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Gal Oya National Park can be reached from Colombo via Ratnapura, Pelmadulla, Udawalawe, Thanamalwila, Wellawaya, Moneragala and then north from Siyambalanduwa to Inginiyagala. The park entrance is 20 km west from Ampara at Inginiyagala. Inginiyagala affords the tourists the opportunity of a boat trip around the great Senanayake Samudra reservoir. Ampara can be reached by domestic flight too.
Gal Oya National Park allows the visitors to enjoy its beauty and wild life by Boat safari as well as by Jeep safaris. Boat safari affords the opportunity to land in an island within the reservoir called “Bird Island” swarming with birds.
Gal Oya National ParkThe Jeep safaris that consist of two tracks of 5km and 13 km are ideal to catch the sights of elephants and leopards.Best time to visit Gal Oya National Park is from March to July. During this period, the boat safaris bring the spectacle of herds of elephants swimming from one island to another island in the great Senanayaka Samaudra reservoir.
Gal Oya National Parkspreads over an area of 25,900 ha. Together with Senanayake Samudra Sanctuary (9,324ha), Gal Oya Valley North-East Sanctuary (12,432ha), Gal Oya Valley South-West Sanctuary (15,281ha), the whole Gal Oya Reservation makes an area of 62, 937 ha of wildlife conservation.
The elevation of the park varies from 30 meters to about 900 meters, Danigala, Nilgala, and Ulpotha mountains being the highest peaks. Rain is received during the North-eastern monsoon that brings in rain the eastern coast and northern plains result in an average annual rainfall of 1,700 milli metres at the park.
The park was established in 1954 to protect the catchment area of the great Senanayake Samudra reservoir constructed by damming Gal Oya river and two other streams in 1948 in an irrigation project to open up some 162,000 hectares of forest for agriculture.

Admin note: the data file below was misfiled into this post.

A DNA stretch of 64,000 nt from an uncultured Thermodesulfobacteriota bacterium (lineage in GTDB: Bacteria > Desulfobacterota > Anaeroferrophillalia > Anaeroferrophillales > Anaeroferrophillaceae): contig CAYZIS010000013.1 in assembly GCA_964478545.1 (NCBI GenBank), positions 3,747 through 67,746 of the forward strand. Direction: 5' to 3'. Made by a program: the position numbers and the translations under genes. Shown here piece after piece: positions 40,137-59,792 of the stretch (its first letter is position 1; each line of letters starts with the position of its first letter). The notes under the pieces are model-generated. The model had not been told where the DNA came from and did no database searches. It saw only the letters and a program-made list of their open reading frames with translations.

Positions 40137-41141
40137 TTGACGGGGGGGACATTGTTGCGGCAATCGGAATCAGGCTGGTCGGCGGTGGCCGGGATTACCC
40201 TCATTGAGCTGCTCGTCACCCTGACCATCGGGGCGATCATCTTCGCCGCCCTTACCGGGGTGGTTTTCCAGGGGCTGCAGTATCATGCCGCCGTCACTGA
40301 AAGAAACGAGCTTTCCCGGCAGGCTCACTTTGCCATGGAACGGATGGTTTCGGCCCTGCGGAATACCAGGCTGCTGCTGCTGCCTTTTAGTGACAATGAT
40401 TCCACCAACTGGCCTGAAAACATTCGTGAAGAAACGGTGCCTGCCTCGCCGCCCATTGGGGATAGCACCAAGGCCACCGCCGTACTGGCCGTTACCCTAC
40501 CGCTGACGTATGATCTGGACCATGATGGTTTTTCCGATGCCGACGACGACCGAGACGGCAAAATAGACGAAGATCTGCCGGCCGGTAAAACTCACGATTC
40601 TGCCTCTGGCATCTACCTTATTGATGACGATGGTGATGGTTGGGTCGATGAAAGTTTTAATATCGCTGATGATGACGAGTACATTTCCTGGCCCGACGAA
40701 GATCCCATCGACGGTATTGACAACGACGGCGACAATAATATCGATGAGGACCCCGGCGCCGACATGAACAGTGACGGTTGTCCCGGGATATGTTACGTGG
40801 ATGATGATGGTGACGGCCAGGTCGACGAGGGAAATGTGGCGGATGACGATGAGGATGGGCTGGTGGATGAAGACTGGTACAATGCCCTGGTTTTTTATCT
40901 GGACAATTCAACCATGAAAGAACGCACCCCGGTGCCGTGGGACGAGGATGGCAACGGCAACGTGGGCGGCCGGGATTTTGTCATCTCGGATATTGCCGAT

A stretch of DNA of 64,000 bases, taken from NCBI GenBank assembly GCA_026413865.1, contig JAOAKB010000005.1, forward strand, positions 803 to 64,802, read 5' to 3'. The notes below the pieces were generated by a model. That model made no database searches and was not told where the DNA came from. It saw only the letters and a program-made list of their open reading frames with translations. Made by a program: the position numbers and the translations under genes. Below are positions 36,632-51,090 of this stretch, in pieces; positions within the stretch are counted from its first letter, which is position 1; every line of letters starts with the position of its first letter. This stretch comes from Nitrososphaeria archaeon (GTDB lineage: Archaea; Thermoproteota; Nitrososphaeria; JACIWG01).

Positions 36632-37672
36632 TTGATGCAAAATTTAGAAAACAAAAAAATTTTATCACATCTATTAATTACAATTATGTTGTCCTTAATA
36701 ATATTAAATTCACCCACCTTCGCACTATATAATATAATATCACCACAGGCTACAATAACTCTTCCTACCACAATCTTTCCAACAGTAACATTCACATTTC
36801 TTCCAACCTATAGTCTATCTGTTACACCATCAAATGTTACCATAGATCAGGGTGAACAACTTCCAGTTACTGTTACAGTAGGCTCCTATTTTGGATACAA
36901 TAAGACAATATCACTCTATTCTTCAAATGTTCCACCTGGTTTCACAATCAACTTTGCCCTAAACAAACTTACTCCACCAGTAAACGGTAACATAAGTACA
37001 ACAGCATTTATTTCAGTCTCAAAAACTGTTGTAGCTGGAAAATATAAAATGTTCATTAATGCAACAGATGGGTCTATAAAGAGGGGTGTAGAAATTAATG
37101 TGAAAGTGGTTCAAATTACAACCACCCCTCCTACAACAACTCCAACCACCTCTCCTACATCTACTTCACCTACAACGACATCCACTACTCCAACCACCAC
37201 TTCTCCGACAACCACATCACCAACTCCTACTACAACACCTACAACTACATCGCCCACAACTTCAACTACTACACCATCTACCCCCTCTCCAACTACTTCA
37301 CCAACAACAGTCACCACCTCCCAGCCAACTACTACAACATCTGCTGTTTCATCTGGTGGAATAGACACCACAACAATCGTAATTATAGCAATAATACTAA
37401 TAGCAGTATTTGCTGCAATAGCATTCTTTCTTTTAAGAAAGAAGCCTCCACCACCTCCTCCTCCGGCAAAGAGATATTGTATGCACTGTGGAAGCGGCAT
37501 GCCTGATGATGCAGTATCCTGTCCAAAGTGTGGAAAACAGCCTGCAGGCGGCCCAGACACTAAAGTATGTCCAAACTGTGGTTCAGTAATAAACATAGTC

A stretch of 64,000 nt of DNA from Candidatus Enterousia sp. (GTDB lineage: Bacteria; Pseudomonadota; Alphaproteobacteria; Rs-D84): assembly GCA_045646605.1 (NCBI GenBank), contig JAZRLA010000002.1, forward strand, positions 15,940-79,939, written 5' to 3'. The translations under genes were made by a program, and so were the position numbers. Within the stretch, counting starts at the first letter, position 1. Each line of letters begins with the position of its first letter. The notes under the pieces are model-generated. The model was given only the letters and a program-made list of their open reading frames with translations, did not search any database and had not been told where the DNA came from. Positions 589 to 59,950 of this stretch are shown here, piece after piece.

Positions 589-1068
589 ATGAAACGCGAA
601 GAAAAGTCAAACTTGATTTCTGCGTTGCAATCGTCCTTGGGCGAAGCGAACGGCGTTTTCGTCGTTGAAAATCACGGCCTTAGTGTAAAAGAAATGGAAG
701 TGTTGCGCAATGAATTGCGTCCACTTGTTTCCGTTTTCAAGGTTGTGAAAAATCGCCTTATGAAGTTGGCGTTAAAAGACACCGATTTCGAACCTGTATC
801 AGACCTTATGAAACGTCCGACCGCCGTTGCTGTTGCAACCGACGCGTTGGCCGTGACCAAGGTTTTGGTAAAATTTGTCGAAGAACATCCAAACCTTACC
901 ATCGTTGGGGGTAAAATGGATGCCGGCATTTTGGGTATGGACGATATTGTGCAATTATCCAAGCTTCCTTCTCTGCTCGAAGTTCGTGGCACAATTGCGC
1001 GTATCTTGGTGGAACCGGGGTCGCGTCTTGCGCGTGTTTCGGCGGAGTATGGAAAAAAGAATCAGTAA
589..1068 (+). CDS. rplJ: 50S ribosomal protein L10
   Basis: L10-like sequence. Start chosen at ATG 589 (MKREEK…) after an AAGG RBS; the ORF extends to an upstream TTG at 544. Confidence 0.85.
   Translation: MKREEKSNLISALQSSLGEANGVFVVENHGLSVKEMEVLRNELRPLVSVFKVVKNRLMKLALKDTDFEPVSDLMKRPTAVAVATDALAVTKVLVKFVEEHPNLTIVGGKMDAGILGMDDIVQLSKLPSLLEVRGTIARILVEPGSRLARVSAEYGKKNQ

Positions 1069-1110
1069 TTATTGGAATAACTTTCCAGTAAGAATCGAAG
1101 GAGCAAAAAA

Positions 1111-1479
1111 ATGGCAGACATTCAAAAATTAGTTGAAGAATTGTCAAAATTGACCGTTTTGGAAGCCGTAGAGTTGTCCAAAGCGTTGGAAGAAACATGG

The vegetation of the national park is of three types: forest, shrub and grassland. About 45% of the park is covered by evergreen forest and a further 33% national park contains an area of Savanna like grasslands and 9% mountainous grasslands, 2% chena and 10% water bodies. The park is home to rare plants used as herbal medicine.The evergreen forest is dominated by Artocarpus sp., Halmilla (Berraya Cordifolia), Etamba (Mangifera Zeylancia) and Kalumediriya (Diopyros Chaetocarpa) and Ebony (Diospyros Ebenum).
Gal Oya National Park is a sanctuary to 32 species of terrestrial mammals. The highest populations are common Langur (Presbytis Entellus), endemic Toque Macaque (Macaca Sinica), Leopard (Pathera Pardus kotiya) sloth bear (Melursus Ursinus), Elephant (Elephas Maximus), Wild Boar (Sus Scrofa), three species of deer and Water Buffalo (Bubalus Bubalis).
About 150 species of birds of 334 species of Sri Lanka are seen at Gal Oya National Park. The Lesser Adjutant, Spot-billed Pelican and Red-faced Malkoha are some of the park’s resident birds. The Indian Cormorant, Oriental Darter, Grey Heron, and Lesser Whistling Duck are among the common water birds of the Senanayake reservoir. The White-bellied Sea Eagle, and Grey-headed Fish Eagle are the notable raptors of the area. Gal Oya National Park‘s butterfly species include the endemic Lesser Albatross.
Gal Oya National Park has no accommodation options within the park. Rest house and bungalows are at Inginiyagala and a circuit bungalow is available at Eekgal Aru located 23km away from the park office. Rest houses are available at Inginiyagala.